Despite the ups and downs, businesses serving these adventure tourists multiplied as savvy Vietnamese saw the profitability of focusing on foreign visitors. A small number of foreigners fell in love with the country (or someone) and became expats, often opening a business for the adventure travellers who followed. Inside the cities, Pham Ngu Lao (Ho Chi Minh) and the French Quarter (Hanoi) became known as “the backpacker area”. Outside of these two major cities, travel was difficult in the early days and many of the first-generation locations arose because they were accessible. Phan Thiet/Mui Ne was the first spot where Highway 1A meets the ocean. Nha Trang and Danang/Hoi An had military airports converted to civilian airports which increased access.
Adventure tourism is not unique to Vietnam; it is often associated with developing countries and it often comes with problems. Ironically, adventure travellers en masse tend to destroy what they love. First-generation destinations are almost always not prepared for the growth in tourism. Adequate waste disposal, business regulations and security never quite catch up with demand. Once shops, restaurants and hotels are built along the roads, improving transportation infrastructure becomes much more difficult and costly. Many first-generation locations in Vietnam still struggle with these issues.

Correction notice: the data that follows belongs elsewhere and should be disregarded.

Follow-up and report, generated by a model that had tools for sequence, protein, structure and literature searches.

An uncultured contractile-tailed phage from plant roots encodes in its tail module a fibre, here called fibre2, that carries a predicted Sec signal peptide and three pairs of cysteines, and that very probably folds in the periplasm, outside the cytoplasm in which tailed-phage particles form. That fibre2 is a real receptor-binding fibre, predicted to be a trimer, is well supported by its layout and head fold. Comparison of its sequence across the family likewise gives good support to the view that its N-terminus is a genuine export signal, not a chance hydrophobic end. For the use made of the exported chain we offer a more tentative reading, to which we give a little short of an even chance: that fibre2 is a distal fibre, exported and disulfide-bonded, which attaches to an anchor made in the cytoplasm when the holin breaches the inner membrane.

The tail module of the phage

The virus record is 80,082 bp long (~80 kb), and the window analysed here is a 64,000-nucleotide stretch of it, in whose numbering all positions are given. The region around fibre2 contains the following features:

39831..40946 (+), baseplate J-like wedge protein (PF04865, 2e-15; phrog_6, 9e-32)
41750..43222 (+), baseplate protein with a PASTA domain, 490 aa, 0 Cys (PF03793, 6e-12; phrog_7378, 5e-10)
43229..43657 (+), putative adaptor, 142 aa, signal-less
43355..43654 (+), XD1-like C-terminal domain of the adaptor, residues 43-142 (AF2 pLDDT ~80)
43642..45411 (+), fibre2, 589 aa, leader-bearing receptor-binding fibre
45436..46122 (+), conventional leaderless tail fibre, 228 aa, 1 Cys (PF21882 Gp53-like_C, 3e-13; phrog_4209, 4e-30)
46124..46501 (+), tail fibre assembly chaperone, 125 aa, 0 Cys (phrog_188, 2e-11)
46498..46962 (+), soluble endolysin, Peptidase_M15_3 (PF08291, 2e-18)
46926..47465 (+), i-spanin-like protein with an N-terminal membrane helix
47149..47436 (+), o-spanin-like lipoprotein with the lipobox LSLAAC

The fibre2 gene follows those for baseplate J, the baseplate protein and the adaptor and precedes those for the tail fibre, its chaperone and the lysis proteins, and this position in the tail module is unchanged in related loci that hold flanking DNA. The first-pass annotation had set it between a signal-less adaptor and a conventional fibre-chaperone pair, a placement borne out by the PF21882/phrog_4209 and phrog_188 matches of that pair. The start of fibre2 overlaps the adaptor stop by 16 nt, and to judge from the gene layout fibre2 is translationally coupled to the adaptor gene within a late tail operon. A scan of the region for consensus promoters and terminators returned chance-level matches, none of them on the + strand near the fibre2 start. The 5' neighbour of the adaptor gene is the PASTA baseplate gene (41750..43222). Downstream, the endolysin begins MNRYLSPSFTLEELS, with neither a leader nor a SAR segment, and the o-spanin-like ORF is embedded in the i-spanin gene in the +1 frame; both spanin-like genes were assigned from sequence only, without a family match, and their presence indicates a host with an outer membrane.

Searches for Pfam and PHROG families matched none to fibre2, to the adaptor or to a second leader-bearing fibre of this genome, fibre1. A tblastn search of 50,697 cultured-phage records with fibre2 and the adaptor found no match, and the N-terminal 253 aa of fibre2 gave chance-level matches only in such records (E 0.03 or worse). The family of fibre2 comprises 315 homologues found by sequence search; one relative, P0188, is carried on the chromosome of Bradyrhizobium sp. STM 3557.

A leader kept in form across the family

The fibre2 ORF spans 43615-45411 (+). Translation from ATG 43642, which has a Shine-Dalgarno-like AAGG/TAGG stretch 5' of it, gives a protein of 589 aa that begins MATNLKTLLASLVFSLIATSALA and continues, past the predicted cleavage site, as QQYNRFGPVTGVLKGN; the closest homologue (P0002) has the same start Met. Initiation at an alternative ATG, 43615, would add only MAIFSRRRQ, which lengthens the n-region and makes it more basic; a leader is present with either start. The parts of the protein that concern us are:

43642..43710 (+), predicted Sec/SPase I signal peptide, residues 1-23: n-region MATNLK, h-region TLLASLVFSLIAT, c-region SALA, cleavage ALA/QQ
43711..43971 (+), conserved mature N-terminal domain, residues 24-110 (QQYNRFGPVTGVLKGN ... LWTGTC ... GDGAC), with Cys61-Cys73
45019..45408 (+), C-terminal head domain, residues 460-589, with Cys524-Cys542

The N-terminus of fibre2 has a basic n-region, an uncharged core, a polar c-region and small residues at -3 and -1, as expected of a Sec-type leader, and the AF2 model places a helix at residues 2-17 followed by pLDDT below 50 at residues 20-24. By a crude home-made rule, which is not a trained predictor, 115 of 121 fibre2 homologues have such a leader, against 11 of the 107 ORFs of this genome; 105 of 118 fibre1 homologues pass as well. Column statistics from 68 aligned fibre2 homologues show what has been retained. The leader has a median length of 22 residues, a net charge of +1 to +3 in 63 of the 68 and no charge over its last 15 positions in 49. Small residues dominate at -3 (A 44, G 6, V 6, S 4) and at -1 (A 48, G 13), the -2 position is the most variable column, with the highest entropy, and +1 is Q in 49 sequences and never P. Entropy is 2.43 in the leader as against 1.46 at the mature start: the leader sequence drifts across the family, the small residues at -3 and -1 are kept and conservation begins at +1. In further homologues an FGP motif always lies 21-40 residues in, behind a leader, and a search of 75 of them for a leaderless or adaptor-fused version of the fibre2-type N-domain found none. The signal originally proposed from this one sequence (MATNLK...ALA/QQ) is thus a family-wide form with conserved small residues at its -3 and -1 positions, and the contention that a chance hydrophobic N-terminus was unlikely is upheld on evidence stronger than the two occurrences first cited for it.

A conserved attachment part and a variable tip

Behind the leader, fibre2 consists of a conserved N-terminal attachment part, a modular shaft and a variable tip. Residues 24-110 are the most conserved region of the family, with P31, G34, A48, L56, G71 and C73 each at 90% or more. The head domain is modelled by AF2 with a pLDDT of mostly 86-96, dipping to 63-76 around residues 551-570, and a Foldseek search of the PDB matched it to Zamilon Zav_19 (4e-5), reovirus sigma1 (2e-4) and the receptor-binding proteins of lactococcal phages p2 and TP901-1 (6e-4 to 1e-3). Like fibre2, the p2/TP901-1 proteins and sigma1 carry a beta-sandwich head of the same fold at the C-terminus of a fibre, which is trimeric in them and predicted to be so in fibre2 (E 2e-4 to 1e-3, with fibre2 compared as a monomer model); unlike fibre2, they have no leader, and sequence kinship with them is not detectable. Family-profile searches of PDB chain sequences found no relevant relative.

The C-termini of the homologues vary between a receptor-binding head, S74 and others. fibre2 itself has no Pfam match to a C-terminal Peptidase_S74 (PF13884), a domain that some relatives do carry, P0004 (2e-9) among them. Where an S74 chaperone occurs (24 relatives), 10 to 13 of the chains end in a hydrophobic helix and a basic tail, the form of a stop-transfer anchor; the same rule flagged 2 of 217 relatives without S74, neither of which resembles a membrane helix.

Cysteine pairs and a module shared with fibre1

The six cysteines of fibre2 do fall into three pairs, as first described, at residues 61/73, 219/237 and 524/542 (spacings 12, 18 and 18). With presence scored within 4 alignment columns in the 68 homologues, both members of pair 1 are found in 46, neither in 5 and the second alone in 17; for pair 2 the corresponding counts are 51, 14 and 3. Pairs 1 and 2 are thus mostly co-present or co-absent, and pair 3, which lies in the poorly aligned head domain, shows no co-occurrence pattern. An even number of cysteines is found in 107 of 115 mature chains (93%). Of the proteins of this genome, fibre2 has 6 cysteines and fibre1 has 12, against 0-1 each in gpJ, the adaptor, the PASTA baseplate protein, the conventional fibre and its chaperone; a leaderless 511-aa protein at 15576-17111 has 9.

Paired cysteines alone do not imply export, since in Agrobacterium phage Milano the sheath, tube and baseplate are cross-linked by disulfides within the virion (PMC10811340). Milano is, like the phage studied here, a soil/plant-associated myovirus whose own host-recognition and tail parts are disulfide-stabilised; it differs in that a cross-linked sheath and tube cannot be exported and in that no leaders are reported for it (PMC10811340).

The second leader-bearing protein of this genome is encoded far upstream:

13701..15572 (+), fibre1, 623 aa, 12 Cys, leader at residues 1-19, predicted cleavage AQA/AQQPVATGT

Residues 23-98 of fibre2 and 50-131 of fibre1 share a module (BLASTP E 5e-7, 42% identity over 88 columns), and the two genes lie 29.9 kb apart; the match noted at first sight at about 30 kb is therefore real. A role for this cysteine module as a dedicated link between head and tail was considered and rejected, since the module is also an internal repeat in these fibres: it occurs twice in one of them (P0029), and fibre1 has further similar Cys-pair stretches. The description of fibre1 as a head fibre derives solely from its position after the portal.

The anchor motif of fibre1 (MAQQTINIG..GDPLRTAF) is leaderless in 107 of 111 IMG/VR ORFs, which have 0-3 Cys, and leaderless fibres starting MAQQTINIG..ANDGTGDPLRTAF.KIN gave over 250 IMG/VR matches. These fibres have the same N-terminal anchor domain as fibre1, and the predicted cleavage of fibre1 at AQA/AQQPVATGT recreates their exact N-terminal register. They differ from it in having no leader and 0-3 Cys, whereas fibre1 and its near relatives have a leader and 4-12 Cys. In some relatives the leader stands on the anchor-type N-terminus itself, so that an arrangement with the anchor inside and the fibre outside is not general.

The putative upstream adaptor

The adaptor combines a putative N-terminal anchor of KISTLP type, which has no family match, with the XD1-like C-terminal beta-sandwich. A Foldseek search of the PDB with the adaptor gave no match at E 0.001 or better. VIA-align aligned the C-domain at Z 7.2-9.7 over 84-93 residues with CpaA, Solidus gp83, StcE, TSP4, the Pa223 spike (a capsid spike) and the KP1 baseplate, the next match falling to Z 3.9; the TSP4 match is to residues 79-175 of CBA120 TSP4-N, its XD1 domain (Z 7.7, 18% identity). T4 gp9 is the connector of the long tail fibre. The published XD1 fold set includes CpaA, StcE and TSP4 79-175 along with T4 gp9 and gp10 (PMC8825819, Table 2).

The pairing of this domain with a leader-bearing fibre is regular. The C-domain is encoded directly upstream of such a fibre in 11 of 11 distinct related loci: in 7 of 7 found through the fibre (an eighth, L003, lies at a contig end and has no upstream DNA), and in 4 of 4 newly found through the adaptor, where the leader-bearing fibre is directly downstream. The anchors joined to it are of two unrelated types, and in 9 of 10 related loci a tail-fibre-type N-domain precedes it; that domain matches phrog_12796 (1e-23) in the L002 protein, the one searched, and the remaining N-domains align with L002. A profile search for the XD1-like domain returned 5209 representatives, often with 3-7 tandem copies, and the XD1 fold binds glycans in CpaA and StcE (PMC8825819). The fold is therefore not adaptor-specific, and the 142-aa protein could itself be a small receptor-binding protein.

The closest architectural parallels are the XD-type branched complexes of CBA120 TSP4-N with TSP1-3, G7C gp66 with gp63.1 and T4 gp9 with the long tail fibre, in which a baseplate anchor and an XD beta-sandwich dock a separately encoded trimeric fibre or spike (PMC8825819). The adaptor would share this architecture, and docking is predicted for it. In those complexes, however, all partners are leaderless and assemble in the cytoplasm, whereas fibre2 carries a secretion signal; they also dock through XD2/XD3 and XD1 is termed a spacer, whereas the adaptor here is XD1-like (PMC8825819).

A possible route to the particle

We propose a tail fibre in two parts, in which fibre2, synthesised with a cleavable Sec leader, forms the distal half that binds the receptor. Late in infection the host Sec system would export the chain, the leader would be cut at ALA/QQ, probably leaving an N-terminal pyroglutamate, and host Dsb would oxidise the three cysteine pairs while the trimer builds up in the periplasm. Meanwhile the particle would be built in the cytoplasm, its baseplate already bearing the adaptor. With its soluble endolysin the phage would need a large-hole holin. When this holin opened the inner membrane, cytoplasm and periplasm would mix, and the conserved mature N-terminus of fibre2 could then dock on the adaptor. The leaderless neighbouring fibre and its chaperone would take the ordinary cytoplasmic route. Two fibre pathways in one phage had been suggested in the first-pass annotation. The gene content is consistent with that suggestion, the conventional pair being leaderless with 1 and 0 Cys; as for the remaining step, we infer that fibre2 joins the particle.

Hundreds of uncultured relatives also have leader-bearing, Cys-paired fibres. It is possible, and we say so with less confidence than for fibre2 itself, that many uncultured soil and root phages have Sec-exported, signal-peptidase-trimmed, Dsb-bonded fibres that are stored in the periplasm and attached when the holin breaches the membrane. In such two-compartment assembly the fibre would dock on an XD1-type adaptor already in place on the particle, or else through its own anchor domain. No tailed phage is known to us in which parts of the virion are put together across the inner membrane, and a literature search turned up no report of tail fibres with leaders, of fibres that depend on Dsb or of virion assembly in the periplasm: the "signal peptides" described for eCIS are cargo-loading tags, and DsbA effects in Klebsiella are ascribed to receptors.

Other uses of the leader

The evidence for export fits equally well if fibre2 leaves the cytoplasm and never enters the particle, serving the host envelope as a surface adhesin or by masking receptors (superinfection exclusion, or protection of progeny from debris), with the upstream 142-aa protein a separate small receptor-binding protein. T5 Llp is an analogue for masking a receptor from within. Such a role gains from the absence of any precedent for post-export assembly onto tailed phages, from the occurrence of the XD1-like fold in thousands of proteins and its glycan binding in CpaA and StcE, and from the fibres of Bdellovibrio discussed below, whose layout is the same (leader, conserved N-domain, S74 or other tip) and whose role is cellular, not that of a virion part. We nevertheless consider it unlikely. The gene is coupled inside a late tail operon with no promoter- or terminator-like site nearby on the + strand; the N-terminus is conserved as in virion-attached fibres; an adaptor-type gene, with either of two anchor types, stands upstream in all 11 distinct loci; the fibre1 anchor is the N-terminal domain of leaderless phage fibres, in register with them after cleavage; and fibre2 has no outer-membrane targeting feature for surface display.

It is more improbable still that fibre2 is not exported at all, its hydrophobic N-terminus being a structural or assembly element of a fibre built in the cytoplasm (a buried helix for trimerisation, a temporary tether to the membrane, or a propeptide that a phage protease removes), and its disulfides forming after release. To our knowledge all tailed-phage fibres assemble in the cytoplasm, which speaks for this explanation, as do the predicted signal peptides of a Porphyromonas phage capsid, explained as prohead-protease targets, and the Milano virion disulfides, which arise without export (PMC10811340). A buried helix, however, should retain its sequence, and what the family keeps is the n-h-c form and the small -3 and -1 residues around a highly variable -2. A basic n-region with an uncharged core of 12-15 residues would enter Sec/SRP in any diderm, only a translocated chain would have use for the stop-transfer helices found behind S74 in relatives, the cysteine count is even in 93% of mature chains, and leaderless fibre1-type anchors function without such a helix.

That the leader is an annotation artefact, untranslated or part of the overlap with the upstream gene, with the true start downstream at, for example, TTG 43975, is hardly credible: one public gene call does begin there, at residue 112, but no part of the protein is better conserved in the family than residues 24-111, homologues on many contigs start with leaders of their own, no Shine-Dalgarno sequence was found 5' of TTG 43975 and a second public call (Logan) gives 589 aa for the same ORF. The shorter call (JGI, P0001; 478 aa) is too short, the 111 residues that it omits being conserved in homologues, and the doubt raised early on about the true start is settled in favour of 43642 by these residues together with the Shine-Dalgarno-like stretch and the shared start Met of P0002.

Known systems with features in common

Vietnam will continue to be an adventure traveller’s dream in the foreseeable future. New locations such as Sapa are being discovered (and ruined) by travellers trying to get off the proverbial beaten path. Infrastructure improvements and a loosening of visa requirements will lower the learning curve, making the country more accessible to more people looking for that once-in-a-lifetime experience.